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Libocedrus plumosa, Kawaka, New Zealand
Scientific classification e
Kingdom: Plantae
Division: Pinophyta
Class: Pinopsida
Order: Pinales
Family: Cupressaceae
Subfamily: Callitroideae
Genus: Libocedrus
Natural range of Libocedrus

Stegocedrus Doweld

Libocedrus is a genus of five species of coniferous trees in the cypress family Cupressaceae, native to New Zealand and New Caledonia.[1] The genus is closely related to the South American genera Pilgerodendron and Austrocedrus, and the New Guinean genus Papuacedrus, both of which are included within Libocedrus by some botanists. These genera are rather similar to the Northern Hemisphere genera Calocedrus and Thuja: in earlier days, what is now Calocedrus was sometimes included in Libocedrus. They are much less closely related, as recently confirmed (Gadek et al. 2000). The generic name means "teardrop cedar", apparently referring to drops of resin.

The leaves are scale-like, 3–7 mm long, in apparent whorls of four (actually opposite decussate pairs, but not evenly spaced apart, instead with the successive pairs closely then distantly spaced). The cones are 8–20 mm long, and have just 2 pairs of moderately thin, erect scales, each scale with a distinct spine 3–7 mm long on the outer face, and bearing two winged seeds on the inner face.


The species recognized in the genus are:[1]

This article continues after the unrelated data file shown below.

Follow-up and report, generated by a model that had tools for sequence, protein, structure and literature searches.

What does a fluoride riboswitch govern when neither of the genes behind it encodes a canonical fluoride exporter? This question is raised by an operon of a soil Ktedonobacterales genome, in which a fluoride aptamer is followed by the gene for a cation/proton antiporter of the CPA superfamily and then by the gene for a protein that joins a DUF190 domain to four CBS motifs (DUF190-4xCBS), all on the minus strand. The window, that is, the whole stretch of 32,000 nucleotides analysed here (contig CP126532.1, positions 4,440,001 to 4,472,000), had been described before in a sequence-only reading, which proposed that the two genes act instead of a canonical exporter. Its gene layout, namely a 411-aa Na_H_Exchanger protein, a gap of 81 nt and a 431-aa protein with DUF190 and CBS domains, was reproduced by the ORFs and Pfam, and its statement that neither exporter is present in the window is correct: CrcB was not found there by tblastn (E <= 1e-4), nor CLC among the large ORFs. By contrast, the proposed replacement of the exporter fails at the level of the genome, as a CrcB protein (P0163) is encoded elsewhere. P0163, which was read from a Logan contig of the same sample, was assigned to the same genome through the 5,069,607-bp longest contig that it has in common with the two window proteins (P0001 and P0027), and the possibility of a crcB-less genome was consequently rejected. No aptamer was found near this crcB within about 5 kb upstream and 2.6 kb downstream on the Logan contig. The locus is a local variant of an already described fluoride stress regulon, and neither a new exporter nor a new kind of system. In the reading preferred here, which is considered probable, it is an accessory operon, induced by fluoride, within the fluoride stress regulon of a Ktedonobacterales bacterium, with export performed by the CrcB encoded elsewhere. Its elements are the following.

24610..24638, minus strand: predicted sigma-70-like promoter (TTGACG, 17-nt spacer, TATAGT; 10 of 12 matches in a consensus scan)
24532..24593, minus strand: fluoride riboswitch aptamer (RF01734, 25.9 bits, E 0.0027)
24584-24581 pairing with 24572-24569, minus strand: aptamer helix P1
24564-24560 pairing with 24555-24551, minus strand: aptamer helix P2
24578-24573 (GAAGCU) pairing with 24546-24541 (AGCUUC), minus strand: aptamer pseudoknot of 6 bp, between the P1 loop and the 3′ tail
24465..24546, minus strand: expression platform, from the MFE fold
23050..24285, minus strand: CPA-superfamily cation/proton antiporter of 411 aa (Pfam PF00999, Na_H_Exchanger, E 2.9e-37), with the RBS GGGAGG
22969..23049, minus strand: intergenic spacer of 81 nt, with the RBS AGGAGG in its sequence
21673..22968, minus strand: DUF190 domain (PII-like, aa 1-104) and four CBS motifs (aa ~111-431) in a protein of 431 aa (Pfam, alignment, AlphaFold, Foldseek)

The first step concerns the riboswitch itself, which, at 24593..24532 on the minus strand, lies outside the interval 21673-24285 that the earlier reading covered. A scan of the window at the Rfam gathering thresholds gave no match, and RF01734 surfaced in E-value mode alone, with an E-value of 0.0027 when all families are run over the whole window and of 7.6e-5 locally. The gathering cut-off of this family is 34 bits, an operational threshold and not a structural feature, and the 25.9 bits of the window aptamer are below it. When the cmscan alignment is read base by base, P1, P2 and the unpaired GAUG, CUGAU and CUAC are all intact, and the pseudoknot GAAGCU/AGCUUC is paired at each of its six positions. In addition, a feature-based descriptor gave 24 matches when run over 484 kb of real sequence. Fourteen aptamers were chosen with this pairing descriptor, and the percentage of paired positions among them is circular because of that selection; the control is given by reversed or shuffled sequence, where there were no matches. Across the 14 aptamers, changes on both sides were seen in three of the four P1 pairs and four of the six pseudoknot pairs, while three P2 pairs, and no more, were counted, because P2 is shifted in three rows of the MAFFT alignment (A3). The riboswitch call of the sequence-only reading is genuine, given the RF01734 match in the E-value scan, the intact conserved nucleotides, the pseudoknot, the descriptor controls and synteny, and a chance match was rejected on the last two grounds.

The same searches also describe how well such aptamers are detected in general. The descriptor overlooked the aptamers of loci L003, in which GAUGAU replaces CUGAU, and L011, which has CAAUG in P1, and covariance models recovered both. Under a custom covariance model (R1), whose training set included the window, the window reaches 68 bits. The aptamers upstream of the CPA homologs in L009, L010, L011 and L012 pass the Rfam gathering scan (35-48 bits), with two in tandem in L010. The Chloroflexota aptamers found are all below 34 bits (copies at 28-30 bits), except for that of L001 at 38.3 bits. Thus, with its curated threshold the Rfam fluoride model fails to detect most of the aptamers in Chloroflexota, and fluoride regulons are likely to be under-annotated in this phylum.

1. Libocedrus austrocaledonica Brongn. & Gris - New Caledonia
  2. Libocedrus bidwillii Hook.f. - North + South Islands of New Zealand
  3. Libocedrus chevalieri J.Buchholz - Poindimié, Mt. Humboldt, + Mt. Kouakoué in New Caledonia
  4. Libocedrus plumosa (D.Don) Druce - North + South Islands of New Zealand
  5. Libocedrus yateensis Guillaumin - Povila, Bleue-Yaté river, + Ouinné river in New Caledonia

The two New Zealand species, known individually by their Māori names kawaka (Libocedrus plumosa) and pāhautea (Libocedrus bidwillii), are sometimes called New Zealand cedars. No common names have been recorded for the three New Caledonian species.[citation needed]


The wood of Libocedrus is soft, moderately decay-resistant, and with a spicy-resinous fragrance. The two New Zealand species are also grown as ornamental plants.

External links[edit]


  • Gadek, P. A., Alpers, D. L., Heslewood, M. M., & Quinn, C. J. 2000. Relationships within Cupressaceae sensu lato: a combined morphological and molecular approach. American Journal of Botany 87: 1044–1057. Abstract.